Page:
If you head across the Dumbarton Bridge at Fremont, you will pass Ardenwood Historic Farm. On the right side of the highway as you head towards the bay, this farm has been a feature of the area for over 100 years although it is now a fraction of its former size. However, it is now under the control of the East Bay Parks District and open for the public to visit. It is a combination of little bits of what a farm would be. You could say it perpetuates some of the myths you have as kids about what farms are like since we grow up thinking that all farms have a bit of everything rather than just being a cattle farm, growing a single crop or raising chickens en masse.
However, it does provide an opportunity to see some aspects of an old style farm much as they once were. The farmhouse itself is quite impressive. The family that owned it became quite influential in the area and had the house to match. The grounds are nicely laid out and it was a pleasant spot to spend some time as the chickens that were scrabbling around in the dirt near us also seemed to think.
There are goats, sheep, pigs, horses and cows in the grounds. They get a lot of attention from the visitors and we were no exception. The goats were the most active seeming to be more interested in the leaves on a tree above a bench in their enclosure than the food that they had been provided. A couple of the kids were desperately reaching under a fence. I guess the grass really is greener…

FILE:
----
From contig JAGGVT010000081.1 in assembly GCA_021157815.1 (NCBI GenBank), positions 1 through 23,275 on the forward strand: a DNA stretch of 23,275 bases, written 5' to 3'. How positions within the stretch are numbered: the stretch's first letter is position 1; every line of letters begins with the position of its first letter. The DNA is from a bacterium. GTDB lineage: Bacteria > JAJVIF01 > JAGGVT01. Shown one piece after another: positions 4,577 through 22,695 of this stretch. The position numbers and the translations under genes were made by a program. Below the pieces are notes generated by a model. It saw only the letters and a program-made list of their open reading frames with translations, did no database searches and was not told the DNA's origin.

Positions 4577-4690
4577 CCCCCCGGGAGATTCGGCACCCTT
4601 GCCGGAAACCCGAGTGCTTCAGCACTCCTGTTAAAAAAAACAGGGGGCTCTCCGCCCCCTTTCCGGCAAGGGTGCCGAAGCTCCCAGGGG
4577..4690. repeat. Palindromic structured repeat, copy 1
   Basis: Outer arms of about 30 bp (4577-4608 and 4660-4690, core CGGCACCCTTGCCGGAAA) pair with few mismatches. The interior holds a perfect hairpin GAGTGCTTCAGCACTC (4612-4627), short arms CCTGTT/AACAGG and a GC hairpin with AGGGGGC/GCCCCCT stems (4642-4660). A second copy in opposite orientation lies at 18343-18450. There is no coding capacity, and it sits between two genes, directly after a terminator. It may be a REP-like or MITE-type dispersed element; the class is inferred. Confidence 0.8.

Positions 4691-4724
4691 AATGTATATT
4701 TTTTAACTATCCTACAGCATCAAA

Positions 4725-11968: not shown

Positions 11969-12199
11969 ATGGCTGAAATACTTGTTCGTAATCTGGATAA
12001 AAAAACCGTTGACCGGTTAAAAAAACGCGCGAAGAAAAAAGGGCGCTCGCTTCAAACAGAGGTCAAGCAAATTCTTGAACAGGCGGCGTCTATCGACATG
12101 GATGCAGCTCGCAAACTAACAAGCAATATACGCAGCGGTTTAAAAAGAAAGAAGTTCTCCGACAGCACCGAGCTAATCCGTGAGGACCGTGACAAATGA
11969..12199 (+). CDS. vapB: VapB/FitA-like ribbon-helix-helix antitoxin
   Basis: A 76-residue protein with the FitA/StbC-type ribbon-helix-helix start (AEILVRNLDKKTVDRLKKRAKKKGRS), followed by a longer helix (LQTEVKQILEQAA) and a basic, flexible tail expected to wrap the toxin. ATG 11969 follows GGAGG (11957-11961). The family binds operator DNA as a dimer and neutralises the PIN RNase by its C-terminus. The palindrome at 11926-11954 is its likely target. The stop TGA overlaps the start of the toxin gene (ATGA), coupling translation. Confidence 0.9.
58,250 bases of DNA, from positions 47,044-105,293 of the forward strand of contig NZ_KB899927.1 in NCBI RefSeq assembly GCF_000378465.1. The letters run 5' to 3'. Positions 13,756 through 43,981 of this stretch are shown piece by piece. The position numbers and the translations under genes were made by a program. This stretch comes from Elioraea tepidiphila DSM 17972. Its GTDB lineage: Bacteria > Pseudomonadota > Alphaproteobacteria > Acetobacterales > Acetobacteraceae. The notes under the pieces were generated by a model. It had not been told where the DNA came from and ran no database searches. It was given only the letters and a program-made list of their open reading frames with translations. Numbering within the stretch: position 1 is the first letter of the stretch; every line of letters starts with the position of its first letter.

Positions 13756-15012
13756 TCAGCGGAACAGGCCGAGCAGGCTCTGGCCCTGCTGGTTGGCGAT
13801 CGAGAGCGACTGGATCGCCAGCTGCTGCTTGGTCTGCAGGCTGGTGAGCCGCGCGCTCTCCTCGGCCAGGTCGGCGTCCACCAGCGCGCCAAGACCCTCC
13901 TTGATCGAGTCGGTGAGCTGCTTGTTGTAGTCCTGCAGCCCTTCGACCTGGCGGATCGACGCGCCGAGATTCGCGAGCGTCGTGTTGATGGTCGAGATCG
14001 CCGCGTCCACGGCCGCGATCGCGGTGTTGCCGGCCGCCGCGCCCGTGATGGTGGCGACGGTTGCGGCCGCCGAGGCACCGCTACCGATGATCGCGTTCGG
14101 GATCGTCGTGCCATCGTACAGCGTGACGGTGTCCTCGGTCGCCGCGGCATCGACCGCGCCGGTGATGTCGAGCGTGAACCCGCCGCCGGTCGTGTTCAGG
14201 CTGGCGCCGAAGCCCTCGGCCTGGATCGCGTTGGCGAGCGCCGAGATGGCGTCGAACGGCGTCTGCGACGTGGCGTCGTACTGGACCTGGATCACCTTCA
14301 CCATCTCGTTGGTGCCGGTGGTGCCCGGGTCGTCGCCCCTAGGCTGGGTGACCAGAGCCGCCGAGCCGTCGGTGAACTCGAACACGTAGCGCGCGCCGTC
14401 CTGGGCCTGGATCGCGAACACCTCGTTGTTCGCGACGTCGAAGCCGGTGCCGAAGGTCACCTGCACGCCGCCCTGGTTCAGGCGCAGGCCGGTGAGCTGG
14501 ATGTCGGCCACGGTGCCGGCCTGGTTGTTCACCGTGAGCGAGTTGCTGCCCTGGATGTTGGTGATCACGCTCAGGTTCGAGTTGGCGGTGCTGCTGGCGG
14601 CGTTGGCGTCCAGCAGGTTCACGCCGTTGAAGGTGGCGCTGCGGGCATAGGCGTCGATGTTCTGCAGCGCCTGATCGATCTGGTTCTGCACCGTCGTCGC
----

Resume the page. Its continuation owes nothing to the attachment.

Continuing our UK trip, we were still in the New Forest and I wanted to visit Beaulieu. It is many years since I have been to Beaulieu. My grandparents took me there once and we went with the school on one occasion too. However, I wasn’t interested in visiting the motor museum on this occasion. Certainly, if I had a lot more time, I would have loved to take a look around but we didn’t have that much time. Instead, I wanted to see the village which, judging by some pictures I had seen online, looked like it was very picturesque.
First, though, I had to stay awake. As we drove there, I was feeling rather drowsy. Not a good state to be but hardly surprising given how long I had been awake. When we got the village, I put the seat back and had a nap for a few minutes. This was a big help. Nancy was tired but not able to nap so she checked out a tea shop while I closed my eyes.
We then took a walk around the village. It is by a river and is very pretty. Lots of small houses and shops combined with a big green area all alongside the estate of the Earl which now houses the motor museum. What I hadn’t realized is how much wildlife wanders around. Yes there were ducks and swans. I didn’t know that cows, horses and donkeys were loose in the area. The donkeys seem to like the shops and apparently walk in if they feel like it. The horses and cows were grazing on the more grassy areas but if they needed to get somewhere, they would walk up the street and trucks coming the other way would just have to wait. Could I come up with something more English for our first day back?